Interview: Blag Dahlia Talks Past and Future

Blag Dahlia has been crafting music for decades, since his first official release in 1985 as The
Suburban Nightmare, a band who would later adopt the name Dwarves after a move from Chicago to San Francisco. Dwarves were never a band that had a huge commercial reach, even though they have had considerable significance in shaping both hardcore and melodic punk.

They never had the marketing, budget, or push that a band on a major label would have, but that was never a goal.

They would bash through their, at times, dangerous live sets and create their art of their own discretion, flipping the finger to anyone that tries to tell them what to do. As he celebrates his 38 year of being an active musician, he takes the time to ruminate on the influence that he has had on many generations of people, especially punk rockers.

How would you describe the influence that you have had throughout your musical

The people with the biggest influence are generally those with the biggest reach: the most
marketing, the biggest budgets, the most media exposure. We never had much of that stuff, so
on society at large, I’d say our direct influence is minimal. However, we have influenced a lot of
bands from the very beginning and many of those bands went on to have great influence on
everyone else.

In the first 10 years of our existence, people from bands would often walk up
after shows and kind of marvel that we didn’t give a fuck about putting nudity on our records so
they couldn’t be sold, using profanity and transgressive themes in the lyrics so they couldn’t be
played over the air, telling everyone from club owners to label heads to promo people to critics
to go fuck themselves when they didn’t deliver on what they promised (which was almost all
the time), and often getting kicked out of venues for reacting to or even inciting violence.

Let’s put it this way—In the summer of 1989, the Dwarves went to Seattle, where Saltpeter wore a pair
of panties and a bustier, and I jumped into our drum kit at the end of the show.  Within a couple
years, the formerly frowny and flannel-wearing Kurt Cobain was on MTV jumping into a drum kit
with a dress on. And so it goes…

People have been listening to your music since the 1980s. Have you ever thought about
where the people that grew up listening to The Dwarves may be now and the impact
your music has had on their lives?

I hear from Dwarves fans all the time that tell me how much this or that song or record meant
to them or how much a certain line or title or photograph influenced them. That’s the best part
of making records and playing shows, knowing that even when it seems like you’re all alone and
no one cares, there are people listening and responding in their own way trying to make
something new.

Describe your legacy up to this point. How do you think Introducing RALPH Champagne will affect that (if at all)?

Introducing RALPH Champagne record really means a lot to me. It isn’t often that an artist,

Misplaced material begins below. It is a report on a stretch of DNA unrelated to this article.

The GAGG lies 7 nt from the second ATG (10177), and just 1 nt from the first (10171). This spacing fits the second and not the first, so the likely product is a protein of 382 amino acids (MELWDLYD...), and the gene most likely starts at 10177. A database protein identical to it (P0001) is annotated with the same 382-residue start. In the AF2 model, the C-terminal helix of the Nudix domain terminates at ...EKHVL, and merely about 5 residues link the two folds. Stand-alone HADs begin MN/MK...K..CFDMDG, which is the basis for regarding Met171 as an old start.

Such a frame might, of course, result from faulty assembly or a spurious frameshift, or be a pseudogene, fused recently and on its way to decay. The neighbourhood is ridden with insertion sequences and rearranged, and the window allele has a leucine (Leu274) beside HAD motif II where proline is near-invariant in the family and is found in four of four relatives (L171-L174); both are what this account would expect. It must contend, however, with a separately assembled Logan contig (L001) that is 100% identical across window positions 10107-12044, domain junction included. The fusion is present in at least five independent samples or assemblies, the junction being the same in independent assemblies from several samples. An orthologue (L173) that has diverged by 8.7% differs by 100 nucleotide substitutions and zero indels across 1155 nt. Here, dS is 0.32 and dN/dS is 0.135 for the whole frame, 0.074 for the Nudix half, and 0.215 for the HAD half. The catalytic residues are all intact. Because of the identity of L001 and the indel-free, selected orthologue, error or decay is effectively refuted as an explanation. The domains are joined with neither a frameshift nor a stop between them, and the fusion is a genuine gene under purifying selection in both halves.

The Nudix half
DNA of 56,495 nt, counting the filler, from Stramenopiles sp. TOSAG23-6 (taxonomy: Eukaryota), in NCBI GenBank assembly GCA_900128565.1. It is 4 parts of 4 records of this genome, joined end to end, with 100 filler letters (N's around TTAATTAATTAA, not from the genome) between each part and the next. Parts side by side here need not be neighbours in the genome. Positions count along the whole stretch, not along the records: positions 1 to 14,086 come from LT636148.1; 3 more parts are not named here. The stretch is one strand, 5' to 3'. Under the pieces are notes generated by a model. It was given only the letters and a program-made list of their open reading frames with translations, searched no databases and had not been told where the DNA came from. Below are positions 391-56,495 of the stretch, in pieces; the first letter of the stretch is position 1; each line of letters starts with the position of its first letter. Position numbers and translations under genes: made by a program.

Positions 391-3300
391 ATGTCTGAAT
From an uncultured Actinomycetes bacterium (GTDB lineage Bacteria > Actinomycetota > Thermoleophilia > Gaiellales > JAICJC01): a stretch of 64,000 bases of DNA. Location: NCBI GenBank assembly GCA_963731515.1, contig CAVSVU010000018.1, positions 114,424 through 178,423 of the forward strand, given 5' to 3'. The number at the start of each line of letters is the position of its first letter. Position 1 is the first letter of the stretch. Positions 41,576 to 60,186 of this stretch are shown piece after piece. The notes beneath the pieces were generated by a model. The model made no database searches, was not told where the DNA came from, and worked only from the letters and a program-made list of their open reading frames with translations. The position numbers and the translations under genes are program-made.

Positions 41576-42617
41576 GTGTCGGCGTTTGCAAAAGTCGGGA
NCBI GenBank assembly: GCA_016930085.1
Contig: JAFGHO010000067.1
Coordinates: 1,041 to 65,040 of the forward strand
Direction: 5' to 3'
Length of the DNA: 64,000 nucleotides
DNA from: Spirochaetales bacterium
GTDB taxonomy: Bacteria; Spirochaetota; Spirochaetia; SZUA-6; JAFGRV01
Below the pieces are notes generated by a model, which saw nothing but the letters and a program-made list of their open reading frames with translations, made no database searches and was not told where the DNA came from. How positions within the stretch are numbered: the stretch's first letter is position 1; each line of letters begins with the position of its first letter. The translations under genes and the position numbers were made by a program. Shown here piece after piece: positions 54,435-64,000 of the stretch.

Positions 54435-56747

especially an old punker, has a renaissance in his mid-50s and winds up making a record that
manages to be a complete 180 from his usual style, but that still makes sense in context.

I’d been listening to various kinds of roots music since I was a kid, all kinds of blues, country,
rockabilly, pop, lounge, and novelty songs, but that “fuck you” aggression of punk rock had
always been the guiding force behind almost all of the records I made. It felt schizophrenic
sometimes playing hardcore, punk, thrash music, but only listening to old musicals or hip-hop
records or old Frank Zappa pieces. Ralph Champagne is helping me to integrate what I actually
enjoy listening to into a style I can get old and die with without feeling like I’ve tarnished the
Dwarves’ punk rock legacy.

Do you think Introducing RALPH Champagne will influence people differently from
Dwarves albums?

Very much so, but it still has that combination of “too dumb meets too smart” that the Dwarves
have always trafficked in. The listener wonders if we really mean this shit or if it’s all just a gag.
Often, both are true at the same time.

People have a tendency to grow apart from bands they listened to while growing up. What would you say to any former Dwarves fans to convince them to give your music another listen?

The Dwarves are still the best band ever!

How do you think future generations will feel about your music?

They tend to know what is marketed at them, so most of them won’t know a damn thing. But
we did it for the heads, the ones who can’t be force fed music and try to understand it on its
own terms. There will always be people who can decipher our music, even though most folks
will never get it at all. One thing that cheers me is that we sell more records than we ever did
before, and that’s just a fraction of the people who hear it streaming. Because we never got
that big, we keep getting bigger and staying relevant while a lot of the dipshits who I watched
get rich quick have long since petered out.

How have you changed since you first started writing music?

I tend to write fewer songs now, but still do a lot of hunting and gathering with my friends to
make a cool record. Also, I’m fatter now, and it takes longer for my dick to get hard.

Looking back at your life experiences, what advice would you have for younger generations? This doesn’t have to be music related.

Most musicians censor their own material before anyone gets a chance to hear it. Let yourself
go; let your music be a conduit for how you really feel; don’t worry about who is going to like or
approve of it. Those who take great pains to tell you how moral and honest and sincere they
are through their music are very rarely moral, honest, or sincere.

Photo courtesy of Alan Sodengrass

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